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Inspirational, but not necessarily a nerd

NerdScholar names Cheney native Moira Gresham one of 40 professors nationally who inspire students


rittani Montecucco

Cheney High School alumna Moira Gresham doesn't view herself as a nerd. But when told she was named a top college instructor by the organization NerdScholar, she took it with a grain of salt.

"It's not really a part of my identity," the Whitman College professor said. "I'll take it as a compliment."

Which is exactly what the award is about. Gresham was named one of NerdScholar's "40 Under 40: Professors Who Inspire."

According to a news release, the inaugural award is to recognize professors who "captivate and engage students in the classroom, desire to interact with students outside the classroom and collaborate on research projects." NerdScholar is the non-profit arm of NerdWallet, a personal finance and consumer advocacy website aimed at college students.

NerdScholar spokesperson Gianna Sen-Gupta said Gresham was one of several professors at Whitman nominated by other faculty members and students. She was then chosen based upon comments from her students.

"One in particular, Clare Valentine '15, wrote, 'As a young woman interested in pursuing a career in physics, I (among others) sometimes find that the journey can be daunting due to the lack of female role models in the field,'" Sen-Gupta wrote in an email. "'Luckily, I've felt that professor Gresham has done a wonderful job in not only mentoring all of her students, but also in paying special attention to creating a supportive environment for young women in physics.'"

It's a feeling Gresham echoed about her time in the halls of Cheney High. A 2000 graduate, Gresham said she has "very fond memories of taking calculus" from physics, algebra and calculus teacher Jeff Butler. She also mentioned chemistry teacher Mary Margaret Pratt as another inspirational teacher.

After graduating, Gresham went on to receive her bachelor degree from Reed College in Portland, Ore., a master's from Cambridge University and her doctorate from California Institute of Technology. She did one year of post-doctoral work at the University of Michigan, where she taught one class before coming to Whitman three years ago as an assistant professor of particle physics and cosmology theory.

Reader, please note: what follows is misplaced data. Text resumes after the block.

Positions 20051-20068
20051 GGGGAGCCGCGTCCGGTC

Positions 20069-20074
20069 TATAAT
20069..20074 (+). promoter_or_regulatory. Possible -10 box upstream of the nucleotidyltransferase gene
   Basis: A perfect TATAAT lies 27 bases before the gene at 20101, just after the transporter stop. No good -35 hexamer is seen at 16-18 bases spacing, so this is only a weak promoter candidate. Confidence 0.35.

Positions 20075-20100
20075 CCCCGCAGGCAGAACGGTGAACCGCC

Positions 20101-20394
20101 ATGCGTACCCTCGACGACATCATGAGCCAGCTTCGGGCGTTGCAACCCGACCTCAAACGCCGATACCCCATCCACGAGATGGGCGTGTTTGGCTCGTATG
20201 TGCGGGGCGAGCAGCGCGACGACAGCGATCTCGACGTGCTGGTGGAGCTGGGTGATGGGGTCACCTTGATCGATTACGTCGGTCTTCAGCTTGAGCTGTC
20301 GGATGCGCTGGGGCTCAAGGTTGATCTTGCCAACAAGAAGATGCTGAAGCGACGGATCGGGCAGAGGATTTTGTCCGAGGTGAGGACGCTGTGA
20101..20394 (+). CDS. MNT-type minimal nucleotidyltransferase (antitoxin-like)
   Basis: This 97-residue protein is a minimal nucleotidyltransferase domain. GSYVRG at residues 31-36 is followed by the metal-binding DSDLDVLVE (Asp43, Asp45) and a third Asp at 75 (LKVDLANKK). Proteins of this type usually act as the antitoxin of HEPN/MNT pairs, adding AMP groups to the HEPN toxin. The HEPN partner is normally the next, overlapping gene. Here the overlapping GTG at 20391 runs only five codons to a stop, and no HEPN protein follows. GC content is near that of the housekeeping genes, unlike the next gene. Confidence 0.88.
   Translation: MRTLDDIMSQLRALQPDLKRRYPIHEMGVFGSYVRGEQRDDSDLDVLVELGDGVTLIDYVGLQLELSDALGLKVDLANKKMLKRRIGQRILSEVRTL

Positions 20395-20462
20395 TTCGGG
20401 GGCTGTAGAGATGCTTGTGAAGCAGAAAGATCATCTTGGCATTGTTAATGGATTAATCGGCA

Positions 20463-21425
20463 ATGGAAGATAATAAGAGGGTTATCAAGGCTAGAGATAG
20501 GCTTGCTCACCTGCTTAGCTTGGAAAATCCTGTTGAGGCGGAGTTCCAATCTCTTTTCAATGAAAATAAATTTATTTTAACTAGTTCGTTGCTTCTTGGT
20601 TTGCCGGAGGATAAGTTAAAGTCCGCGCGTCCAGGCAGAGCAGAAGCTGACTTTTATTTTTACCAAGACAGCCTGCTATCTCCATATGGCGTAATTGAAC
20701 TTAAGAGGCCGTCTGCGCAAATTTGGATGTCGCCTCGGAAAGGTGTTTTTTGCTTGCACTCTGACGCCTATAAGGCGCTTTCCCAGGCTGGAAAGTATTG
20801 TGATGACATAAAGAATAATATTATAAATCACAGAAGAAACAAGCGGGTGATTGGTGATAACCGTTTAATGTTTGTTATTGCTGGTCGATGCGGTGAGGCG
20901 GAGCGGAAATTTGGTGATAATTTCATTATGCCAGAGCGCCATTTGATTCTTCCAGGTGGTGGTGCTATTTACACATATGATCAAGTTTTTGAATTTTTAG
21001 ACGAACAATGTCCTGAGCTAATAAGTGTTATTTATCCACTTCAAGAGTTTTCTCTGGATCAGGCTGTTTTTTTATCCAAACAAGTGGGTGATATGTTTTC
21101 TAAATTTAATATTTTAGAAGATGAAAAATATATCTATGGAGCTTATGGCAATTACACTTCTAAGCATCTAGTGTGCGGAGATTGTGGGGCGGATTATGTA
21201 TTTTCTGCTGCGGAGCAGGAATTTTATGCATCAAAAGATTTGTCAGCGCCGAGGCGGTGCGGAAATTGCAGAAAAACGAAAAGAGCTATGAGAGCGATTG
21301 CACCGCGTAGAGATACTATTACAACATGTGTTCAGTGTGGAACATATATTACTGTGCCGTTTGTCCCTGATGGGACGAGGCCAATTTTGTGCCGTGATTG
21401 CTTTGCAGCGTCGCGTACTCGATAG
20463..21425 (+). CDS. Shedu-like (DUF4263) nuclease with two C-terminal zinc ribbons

Gresham said she loves teaching at Whitman, adding it's hard work but very rewarding. Teaching 2-3 courses a semester has given her a newfound respect for her teachers and mentors at CHS.

"I think, how did my high school teachers teach four to five classes a day, every day," she said.

Gresham also conducts research at Whitman, having written a couple papers on a condition of the early universe called "inflation" and on her favorite subject, dark matter. Besides being unseen, dark matter isn't like normal matter made up of atomic and subatomic particles, but without it, much of what goes on gravitationally in the universe cannot be explained.

Gresham's research focus into dark matter is to discover what it is. Doing that research, which is encouraged through Whitman's very generous sabbatical policy, also helps her in the classroom.

"Students get excited about listening to the research in class," she said.

Gresham listed actress/comedian Tina Fey as her "favorite nerd," mainly for her self-deprecating humor, although she said she wouldn't categorize her as a stereotypical nerd. As to other instances of "nerddom" in her life, Gresham said she really couldn't point to any examples. Although there was a period in high school when she said she wore socks, sandals and sweatpants in public, but "that was a kind of a rebellion."

While a Blackhawk, Gresham played on the volleyball team for two years and the tennis team for four, winning a Frontier League doubles title as a senior. It's something that probably reduces any lingering nerd factor.

"I kind of hung out with the jocks too," she said.

John McCallum can be reached at


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